Tune Those Strings: A Reflection on Attachment

woman sitting on a rug playing guitar strings

I’m all up in the business of attachment these days. I observe the attachment styles of friends and family members. I consider my attachment dynamics and wonder how I have impacted my children’s attachment. I’m reading about it within the realms of trauma, racial issues, neuroscience, and yoga. Everywhere I go, there it is.

So maybe attachment is all up in MY business.

When babies do not receive emotional regulation, the nervous system enters the fight, flight or freeze response. That is not new information. Babies cry and we comfort them. Or because of stressors in our lives we don’t. Or we do so but with dysregulated systems (which babies sense). The aspect of the whole dance that strikes me is this: When that fight, freeze, or flight state is not attended to consistently (or tended to by a dysregulated parent), the baby will enter a stage of hyperarousal called parasympathetic withdrawal.

Parasympathetic withdrawal preserves energy by safeguarding us from our OWN feelings.
I want to write a string of expletives. I feel exposed. I can remember 20 years ago when a friend asked me how I felt about something that was said to me. I honestly couldn’t answer. I could tell her what I thought. But I had no idea what I felt. It was like peering into an empty room and trying to describe the furniture. There is NO furniture. I had feelings, but my dissociation from them was so extreme that I could no more name them than I could sing to you in French. Thankfully, I have come a LONG way in those 20 years. And yet, I still find my propensity to bypass feelings as second nature as riding a bicycle.

And of course, these aspects impact my family and our individual attachments. This is not said to berate myself but intended as space to honestly name that I (that we all) can benefit from the growth required to increase healthier attachment structures.

My propensity to move away from my feelings is complex in regard to attunement. I can attune well to others. However, a couple of months ago my husband brought to light a blind spot. I would be lying if I told you I accepted his feedback with a loving stance. It took work to get there.

My defensive posture reared up like a mama-bear whose cubs are threatened. But even mama-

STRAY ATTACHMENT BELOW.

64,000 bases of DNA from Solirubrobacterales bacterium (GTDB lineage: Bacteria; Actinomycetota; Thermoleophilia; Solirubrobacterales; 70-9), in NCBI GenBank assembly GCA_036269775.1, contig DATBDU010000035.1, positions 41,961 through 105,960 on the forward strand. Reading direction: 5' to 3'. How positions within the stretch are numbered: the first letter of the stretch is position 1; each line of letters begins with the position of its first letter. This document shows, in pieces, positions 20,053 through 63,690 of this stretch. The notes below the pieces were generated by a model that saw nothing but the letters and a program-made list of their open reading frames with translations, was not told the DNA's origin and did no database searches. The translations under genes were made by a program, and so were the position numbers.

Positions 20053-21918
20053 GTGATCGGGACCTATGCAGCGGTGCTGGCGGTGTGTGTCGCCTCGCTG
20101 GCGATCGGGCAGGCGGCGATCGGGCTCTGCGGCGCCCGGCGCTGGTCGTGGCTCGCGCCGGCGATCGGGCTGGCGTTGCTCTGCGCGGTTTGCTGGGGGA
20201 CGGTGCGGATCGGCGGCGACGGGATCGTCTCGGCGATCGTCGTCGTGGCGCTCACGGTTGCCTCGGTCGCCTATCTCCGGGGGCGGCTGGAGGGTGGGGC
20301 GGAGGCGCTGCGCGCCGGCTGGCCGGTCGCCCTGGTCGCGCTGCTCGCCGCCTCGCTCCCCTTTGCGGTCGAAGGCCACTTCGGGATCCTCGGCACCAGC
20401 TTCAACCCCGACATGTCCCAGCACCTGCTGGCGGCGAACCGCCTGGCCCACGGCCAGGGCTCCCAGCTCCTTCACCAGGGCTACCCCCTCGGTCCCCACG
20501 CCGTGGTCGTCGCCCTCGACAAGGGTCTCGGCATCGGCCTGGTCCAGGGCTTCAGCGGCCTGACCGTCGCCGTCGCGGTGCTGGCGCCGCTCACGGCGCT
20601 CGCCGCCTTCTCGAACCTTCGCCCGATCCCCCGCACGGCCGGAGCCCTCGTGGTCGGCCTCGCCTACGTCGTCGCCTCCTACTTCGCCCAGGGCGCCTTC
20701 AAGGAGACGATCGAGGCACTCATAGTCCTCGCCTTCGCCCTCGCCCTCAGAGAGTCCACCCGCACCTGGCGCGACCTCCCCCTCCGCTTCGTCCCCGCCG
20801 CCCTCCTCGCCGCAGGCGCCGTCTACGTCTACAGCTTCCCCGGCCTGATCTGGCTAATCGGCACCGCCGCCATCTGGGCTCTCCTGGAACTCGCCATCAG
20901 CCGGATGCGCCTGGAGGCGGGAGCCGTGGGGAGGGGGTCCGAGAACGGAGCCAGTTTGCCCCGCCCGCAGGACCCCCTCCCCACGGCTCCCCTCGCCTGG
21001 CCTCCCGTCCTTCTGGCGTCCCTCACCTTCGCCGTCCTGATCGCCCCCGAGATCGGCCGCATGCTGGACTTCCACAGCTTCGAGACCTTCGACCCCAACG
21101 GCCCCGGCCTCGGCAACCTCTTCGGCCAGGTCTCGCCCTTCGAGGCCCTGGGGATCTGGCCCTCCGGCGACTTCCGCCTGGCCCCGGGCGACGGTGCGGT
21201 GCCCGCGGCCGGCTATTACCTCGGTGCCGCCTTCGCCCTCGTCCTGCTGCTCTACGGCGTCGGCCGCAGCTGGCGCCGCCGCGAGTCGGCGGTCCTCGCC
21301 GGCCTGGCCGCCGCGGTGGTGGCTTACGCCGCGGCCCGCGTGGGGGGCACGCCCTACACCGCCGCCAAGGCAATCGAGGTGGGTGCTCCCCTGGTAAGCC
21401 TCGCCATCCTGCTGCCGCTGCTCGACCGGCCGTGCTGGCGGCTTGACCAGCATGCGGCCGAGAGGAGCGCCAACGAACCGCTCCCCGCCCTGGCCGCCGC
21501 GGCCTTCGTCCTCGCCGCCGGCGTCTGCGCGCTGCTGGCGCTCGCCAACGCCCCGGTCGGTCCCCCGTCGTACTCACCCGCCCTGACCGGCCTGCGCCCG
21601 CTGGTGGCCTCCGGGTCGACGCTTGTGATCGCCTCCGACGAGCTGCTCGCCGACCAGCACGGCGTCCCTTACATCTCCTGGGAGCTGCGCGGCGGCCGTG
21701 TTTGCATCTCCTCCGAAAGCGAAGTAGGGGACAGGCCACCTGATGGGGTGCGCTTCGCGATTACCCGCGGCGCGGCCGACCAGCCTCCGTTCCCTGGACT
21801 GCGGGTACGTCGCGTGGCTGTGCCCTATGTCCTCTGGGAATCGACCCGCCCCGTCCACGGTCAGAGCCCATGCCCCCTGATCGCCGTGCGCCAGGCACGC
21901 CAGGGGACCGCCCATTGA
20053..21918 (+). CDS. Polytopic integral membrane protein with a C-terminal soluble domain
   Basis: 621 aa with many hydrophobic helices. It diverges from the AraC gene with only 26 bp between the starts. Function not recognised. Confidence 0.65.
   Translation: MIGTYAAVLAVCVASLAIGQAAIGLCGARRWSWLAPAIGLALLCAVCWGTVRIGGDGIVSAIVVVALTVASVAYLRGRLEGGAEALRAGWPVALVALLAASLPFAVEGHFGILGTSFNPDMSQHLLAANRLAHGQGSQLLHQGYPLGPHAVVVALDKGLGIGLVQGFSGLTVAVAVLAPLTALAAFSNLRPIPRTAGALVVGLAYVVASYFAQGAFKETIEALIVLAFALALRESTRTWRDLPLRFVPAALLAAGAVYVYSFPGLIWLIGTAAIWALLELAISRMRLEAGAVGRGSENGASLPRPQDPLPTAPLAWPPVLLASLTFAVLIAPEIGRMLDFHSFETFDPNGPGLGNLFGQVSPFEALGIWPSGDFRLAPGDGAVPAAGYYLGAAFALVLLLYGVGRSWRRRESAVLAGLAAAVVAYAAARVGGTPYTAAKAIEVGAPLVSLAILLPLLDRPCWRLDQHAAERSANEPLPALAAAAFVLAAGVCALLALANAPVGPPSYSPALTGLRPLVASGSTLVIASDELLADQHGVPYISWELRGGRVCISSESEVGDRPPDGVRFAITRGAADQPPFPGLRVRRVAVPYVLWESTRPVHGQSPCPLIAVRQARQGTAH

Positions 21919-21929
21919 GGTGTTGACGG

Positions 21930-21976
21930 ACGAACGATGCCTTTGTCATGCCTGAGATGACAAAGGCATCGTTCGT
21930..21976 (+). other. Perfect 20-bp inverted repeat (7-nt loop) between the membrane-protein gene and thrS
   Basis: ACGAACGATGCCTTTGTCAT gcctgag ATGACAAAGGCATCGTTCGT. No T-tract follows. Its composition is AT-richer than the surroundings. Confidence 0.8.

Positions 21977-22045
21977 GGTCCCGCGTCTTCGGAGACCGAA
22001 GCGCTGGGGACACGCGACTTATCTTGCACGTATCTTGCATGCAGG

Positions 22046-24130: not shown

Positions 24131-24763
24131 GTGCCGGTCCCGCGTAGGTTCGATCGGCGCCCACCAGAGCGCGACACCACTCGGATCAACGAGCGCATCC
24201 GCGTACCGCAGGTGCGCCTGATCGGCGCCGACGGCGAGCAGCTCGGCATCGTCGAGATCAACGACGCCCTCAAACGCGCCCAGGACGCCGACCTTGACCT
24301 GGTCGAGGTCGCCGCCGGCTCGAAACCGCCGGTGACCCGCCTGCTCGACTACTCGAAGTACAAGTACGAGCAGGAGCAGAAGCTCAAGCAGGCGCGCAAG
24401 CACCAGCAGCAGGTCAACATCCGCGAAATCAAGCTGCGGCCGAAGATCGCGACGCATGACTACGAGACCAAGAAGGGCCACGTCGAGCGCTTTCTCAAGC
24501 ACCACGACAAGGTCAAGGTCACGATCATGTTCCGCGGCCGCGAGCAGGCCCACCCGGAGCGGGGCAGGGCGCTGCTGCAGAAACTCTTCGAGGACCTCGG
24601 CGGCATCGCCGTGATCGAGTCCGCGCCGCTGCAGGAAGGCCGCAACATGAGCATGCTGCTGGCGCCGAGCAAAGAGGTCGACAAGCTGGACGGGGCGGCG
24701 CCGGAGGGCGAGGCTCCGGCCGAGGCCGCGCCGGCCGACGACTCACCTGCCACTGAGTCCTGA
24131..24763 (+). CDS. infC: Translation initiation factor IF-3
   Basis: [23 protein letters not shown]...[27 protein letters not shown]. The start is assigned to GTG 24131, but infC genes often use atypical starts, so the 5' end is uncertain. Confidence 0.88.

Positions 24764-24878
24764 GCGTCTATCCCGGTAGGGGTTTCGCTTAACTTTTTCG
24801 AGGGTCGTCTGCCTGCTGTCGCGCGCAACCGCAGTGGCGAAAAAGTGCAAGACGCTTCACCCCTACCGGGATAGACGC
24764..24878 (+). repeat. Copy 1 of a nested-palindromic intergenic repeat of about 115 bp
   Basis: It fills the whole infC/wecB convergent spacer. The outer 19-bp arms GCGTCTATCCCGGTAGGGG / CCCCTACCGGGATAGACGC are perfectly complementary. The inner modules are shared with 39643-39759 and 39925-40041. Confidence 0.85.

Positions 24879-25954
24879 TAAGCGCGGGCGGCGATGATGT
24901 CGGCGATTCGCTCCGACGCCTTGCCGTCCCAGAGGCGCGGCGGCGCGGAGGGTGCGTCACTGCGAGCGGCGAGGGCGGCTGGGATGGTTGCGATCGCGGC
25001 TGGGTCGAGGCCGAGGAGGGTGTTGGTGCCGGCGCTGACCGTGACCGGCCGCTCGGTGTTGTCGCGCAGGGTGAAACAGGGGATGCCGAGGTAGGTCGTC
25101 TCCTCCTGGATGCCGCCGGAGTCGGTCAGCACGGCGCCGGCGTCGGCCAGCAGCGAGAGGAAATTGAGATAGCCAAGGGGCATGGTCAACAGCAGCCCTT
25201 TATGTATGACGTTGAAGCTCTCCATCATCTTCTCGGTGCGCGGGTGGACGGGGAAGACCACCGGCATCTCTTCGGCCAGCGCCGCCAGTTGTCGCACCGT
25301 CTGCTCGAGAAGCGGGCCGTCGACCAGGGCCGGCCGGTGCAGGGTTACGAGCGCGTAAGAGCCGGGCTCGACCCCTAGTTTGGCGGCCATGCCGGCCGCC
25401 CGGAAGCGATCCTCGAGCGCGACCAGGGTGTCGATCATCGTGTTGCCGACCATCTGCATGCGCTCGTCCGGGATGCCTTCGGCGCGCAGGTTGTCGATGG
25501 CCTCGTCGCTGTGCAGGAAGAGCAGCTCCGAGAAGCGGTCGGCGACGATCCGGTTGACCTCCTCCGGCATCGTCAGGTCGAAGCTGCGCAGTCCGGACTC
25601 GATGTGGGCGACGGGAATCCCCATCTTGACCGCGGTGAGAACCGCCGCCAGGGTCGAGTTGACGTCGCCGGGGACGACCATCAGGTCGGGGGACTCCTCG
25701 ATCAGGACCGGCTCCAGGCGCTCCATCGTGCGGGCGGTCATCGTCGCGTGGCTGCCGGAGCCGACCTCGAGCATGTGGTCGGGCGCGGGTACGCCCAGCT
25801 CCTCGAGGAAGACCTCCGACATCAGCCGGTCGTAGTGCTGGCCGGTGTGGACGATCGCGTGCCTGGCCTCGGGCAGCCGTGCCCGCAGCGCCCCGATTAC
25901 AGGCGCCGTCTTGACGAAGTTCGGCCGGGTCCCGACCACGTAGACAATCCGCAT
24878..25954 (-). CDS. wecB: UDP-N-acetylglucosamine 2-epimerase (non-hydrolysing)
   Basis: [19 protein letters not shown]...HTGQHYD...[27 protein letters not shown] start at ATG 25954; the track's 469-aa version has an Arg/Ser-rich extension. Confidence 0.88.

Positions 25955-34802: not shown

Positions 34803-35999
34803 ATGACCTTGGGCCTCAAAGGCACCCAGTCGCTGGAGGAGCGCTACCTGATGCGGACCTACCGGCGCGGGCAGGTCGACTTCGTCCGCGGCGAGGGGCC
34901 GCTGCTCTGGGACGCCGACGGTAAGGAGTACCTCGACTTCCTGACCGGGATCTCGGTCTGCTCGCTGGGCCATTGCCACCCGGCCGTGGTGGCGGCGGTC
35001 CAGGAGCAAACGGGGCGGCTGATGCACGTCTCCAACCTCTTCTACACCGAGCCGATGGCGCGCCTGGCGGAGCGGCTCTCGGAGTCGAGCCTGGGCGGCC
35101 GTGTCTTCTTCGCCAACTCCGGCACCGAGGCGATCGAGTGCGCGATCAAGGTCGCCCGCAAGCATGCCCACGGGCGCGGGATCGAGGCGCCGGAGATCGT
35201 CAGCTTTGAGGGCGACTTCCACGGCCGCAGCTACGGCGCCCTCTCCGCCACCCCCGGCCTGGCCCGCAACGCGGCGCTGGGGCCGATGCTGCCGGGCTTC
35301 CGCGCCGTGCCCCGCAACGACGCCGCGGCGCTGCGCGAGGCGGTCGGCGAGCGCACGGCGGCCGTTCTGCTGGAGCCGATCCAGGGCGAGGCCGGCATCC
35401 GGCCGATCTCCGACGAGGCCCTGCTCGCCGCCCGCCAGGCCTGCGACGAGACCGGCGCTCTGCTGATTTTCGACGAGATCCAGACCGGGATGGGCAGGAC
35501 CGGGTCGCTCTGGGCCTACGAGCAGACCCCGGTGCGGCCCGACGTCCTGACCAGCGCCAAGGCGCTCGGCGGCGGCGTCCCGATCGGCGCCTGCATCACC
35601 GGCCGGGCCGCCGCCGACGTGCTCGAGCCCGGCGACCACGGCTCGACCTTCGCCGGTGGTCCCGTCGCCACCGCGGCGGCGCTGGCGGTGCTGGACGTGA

bears need to sit back and be willing to learn, instead of fight.

If I attune well to your feelings but ignore my own, I am misattuning. True attunement comes when we resonate with each other in a kind of limbic unison. My visually minded husband
described it like this: Imagine two guitar players preparing for a concert. Even if they have both tuned their instruments before walking on stage, they will pluck their strings in each other’s presence to make sure the precise tone of the strings is in sync. It takes BOTH musicians to continue to pluck their strings to determine if they are truly in tune.

If I don’t feel safe in a conversation, I move away from my own feelings and focus on the other person. Or I withdraw. The first move may feel loving to the other, but it isn’t. Both moves become a way of dissociating from my feelings. I stop plucking my string. My companion is left playing alone.

No duet can be performed solo.

I am grateful for the insight. My husband turned a light on in a room where it was dark. I may not be pleased with what I see, but I can approach the uncared-for space with the intention to mature, rather than walking past the light.

The growth potential is astounding. We can heal our attachments. We can go from being
insecurely attached to creating “earned secure attachment (secure attachments acquired in
adulthood).” Earned secure attachment is the means to gently heal our bodies from
parasympathetic withdrawal.

The invitation is to bring our full selves to safe-enough individuals. A “safe-enough” person allows us to feel at rest while authentically showing up without fear of adverse consequences. Our right brains can connect with another right brain and participate in the communion we were meant to have (or to give) as parent and child. This can be engaged with a spouse, therapist, friend, mentor, spiritual guide, or any other safe-enough individual.

On the stage of attachment, do we play solo or do we lean in to hear each note until we are
synchronizing with love?